What is this path I’m not on?
One of the biggest things about being someone’s mama was teaching my small people to learn to self-parent. It wasn’t something I was very good at, and not something I’m very good at now, because I’m way better at bullshitting myself than almost anything else, but blessedly, by my 20s, I found that the word “tender” was my least favorite word in the English language. It was a sort of catch phrase in early ’90s self-help and I guess it still is. For me, it almost has a smell. It reminds me of unexpectedly undercooked chicken and my personal least favorite sign of aging… Bingo wings. Wave back upper arms? You know what I mean. Maybe it was being in advertising. Unless you’re a butcher, tender isn’t a word that markets all that well, and I’m not much of a meat eater.
Being tender with my own bullshit didn’t actually work for me at all. Patience and appreciation, yes. Acceptance, absolutely. I saw a lot of people “tender” wasn’t working for. Still doesn’t work for. I don’t know, maybe it works for some folks. What I almost always need more than anything is a kick in the ass. That’s what made things get different. What changes things. There’s a learning to trust there that moves things like nothing else. Trust in others to be straight with you and trust in your own ability to change what’s not working. None of this came from a place of any great virtue or ambition, just the clear realization that without it, my life was going to get a whole lot harder. It sure wasn’t wisdom on my part, because I’m pretty sure someone flat out told me if I didn’t get my shit together I would do myself in. And I’m beyond grateful forever for those who were willing to serve me some cold facts and hold me accountable until I could learn to do it for myself. I’m still learning. So, I did that and I found self-respect there. I learned to recognize and reward myself appropriately. I needed to learn to serve them to my kid too.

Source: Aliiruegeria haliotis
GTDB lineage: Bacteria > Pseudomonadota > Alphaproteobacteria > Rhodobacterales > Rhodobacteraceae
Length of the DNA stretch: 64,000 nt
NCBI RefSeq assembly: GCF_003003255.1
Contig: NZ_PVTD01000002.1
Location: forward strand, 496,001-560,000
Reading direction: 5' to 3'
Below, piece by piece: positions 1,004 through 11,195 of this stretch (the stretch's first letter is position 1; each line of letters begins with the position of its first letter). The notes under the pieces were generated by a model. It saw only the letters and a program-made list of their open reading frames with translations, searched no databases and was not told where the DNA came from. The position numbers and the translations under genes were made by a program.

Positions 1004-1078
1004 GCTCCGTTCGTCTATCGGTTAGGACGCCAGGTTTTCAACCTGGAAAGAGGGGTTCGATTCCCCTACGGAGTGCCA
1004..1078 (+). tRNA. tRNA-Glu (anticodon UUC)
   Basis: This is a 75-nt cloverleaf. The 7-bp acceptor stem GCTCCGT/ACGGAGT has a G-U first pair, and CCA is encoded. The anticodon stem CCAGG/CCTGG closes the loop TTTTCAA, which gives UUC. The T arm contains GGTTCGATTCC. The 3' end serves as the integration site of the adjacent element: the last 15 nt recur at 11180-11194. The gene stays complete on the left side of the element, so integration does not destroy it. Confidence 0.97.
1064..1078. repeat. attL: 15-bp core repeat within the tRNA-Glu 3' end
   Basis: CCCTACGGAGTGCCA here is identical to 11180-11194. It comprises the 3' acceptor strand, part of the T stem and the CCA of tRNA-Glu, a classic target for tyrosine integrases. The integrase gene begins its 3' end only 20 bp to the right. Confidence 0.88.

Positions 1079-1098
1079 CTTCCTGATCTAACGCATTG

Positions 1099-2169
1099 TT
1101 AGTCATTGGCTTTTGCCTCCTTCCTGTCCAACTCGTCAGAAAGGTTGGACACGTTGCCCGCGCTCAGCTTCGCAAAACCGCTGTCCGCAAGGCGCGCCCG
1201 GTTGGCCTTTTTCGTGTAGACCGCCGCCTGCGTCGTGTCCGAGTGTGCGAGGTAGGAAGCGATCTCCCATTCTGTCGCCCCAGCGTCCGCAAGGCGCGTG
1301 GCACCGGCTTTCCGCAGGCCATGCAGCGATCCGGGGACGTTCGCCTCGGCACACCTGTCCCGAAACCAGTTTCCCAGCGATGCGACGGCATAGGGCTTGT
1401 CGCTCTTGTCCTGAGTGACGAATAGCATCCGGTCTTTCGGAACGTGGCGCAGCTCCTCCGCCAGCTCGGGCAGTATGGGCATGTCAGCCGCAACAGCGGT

It took a really long time, and sometimes I let it all go to hell and had to figure out how to climb back up and out again. More specifically, figure out how to ask for the help to climb out again. But in all of it, I learned what it was like to be proud of myself. For what I’d accomplished, for what I’d overcome. My kid grew up to be a really self-sufficient adult and I don’t think in any of it my parenting could ever be described as strict or mean or well, anything but almost comically adoring. My mothering was and still is kinda Debbie Reynolds and kinda Frank Reynolds.
And then the quarantine came and while I’ve continued to work, continued to maintain an exemplary skincare routine, continued to clean up and mostly drink enough water, so far my attempts to call myself into account, to ask myself “When were you going to do something about this eating/wall painting/Amazoning situation?” or to continue to make progress outside of my immediate life inside have been met with complete inertia. There will be a future after this, and I seem to have abandoned whatever path I was clearing to prepare for it.
So today was going to be Day #1. No more allowing myself to live like Lord of the Flies — Lake Ozark edition. I woke up early, (do you come from people who rose at the crack of dawn no matter what once they reached a certain age? Is it genetic or what?) I washed my face, everybody got fed, had some coffee and meditation, and proceeded to come right on in and decide tomorrow is Day #1, or maybe Tuesday because now it’s too wet to paint or work outside and I still have all this stuff for brownies. Because I know when this time has passed, there will good memories (after we all of the birthday and holiday do-overs) from this once in a lifetime season. I’ll remember the spirit and creativity and integrity of those of us looking out for each other. And those who didn’t. And I’ll remember days waking up to packets of Velveeta Liquid Gold and seeing a challenge. And I’ll miss that.